The fish fry was goddamn ridiculous. I think the Buffalo-style, fish fillet falling off the plate is silly but this trumped it. Four enormous pieces of fish towered over a mound of french fries. It must have been two pounds of fish. It came with an extra-large vat of tartar sauce, one more point for New England. There was no coleslaw or macaroni salad or German potato salad, score one for Buffalo. The fish was good-flaky and tender-and it had a bit of a cornmeal dusting in its fried outer sheath. I like that but I prefer Buffalo beer-battered. I think that makes the two even. For the first time ever, I ate more than N., although to be fair, he was sick. We carried two, very full to-go containers home that contained enough fish to feed at least three more hungry adults. I had plans for a fish sandwich the next day.

If you ever wonder if leftover fish fry is worth bringing home, please wonder no more. I'll eat it, but that's because I hate waste. I'll eat it cold and pick off the fried bits. Is that disgusting? Oh well. N. mentioned how he loved a good fish sandwich so the next day we put the fish in the oven to reheat and retain the crisp crust. I sliced some really great ciabatta with olive oil and kosher salt, lightly toasted it and slathered each piece with tartar sauce, very thinly sliced red onions and lettuce. We added some scotch bonnet hot sauce and that was one messily perfect sandwich. I liked it better than the actual fish fry. It brought to mind the Junkyard Dog sandwich, made famous by the Taste of Buffalo Festival. It's a fish fry all wrapped up in some flatbread, fish, fries, coleslaw and all. Mmmm. My eyes just went all misty.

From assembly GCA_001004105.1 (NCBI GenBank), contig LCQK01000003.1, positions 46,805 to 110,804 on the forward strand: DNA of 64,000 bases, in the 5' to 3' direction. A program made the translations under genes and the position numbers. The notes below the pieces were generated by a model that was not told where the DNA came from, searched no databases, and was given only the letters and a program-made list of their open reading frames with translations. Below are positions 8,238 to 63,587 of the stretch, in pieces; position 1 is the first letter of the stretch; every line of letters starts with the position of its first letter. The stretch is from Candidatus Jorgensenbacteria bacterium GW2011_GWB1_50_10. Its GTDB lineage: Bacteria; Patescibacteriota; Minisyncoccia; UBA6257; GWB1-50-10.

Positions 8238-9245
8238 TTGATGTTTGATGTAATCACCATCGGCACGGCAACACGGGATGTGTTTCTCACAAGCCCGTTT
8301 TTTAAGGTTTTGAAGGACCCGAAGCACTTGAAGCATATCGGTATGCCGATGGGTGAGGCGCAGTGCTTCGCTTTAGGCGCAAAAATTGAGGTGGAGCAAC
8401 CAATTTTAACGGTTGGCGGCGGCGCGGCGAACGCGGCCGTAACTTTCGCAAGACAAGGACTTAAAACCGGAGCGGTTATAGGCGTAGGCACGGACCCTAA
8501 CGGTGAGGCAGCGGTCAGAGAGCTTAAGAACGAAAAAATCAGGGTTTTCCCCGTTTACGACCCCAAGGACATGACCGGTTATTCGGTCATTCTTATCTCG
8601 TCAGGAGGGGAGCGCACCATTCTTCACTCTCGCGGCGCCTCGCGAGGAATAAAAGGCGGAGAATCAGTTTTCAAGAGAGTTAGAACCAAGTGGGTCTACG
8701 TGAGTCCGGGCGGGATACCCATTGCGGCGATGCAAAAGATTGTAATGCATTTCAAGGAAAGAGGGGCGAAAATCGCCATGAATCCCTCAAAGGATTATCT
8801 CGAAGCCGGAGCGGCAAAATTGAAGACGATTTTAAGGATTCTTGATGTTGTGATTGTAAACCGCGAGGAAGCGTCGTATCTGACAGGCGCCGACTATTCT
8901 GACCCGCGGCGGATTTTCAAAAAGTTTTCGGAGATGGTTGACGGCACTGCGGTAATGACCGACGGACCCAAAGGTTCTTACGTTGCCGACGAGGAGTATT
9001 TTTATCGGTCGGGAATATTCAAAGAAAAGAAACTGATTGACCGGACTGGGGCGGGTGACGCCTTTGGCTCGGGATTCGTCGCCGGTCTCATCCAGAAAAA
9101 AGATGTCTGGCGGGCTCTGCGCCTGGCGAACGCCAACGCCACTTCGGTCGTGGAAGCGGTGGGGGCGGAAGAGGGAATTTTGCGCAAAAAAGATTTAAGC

Final verdict: I like the two styles of fish fry; they both have their merits. As long as I have some leftover to make sandwiches the next day, I don't really care!

I'm Back!

I ate the last of the pizza in the car on the way to New Haven. Thank God that's over. I got to New Haven at just about dinner time. N. wanted to go to "this Japanese restaurant that's pretty good." We went to Miya on Howe Street and it was quite the adventure. I am usually turned off by inattentive staff, long waits and the inattentive staff's inability to make these long waits slightly less uncomfortbale. This was no exception. We probably would have left except that we were perusing the menu while waiting and there was no way I could have left at that point. There was a roll called "Tiger, tiger burning brightly in the forest?" The menu read like poem and the chef clearly enjoyed playing with different ingredients as much as he did words. There were rolls with sweet potato, brie, cranberries, chocolate and so on. It was actually a bit overwhelming.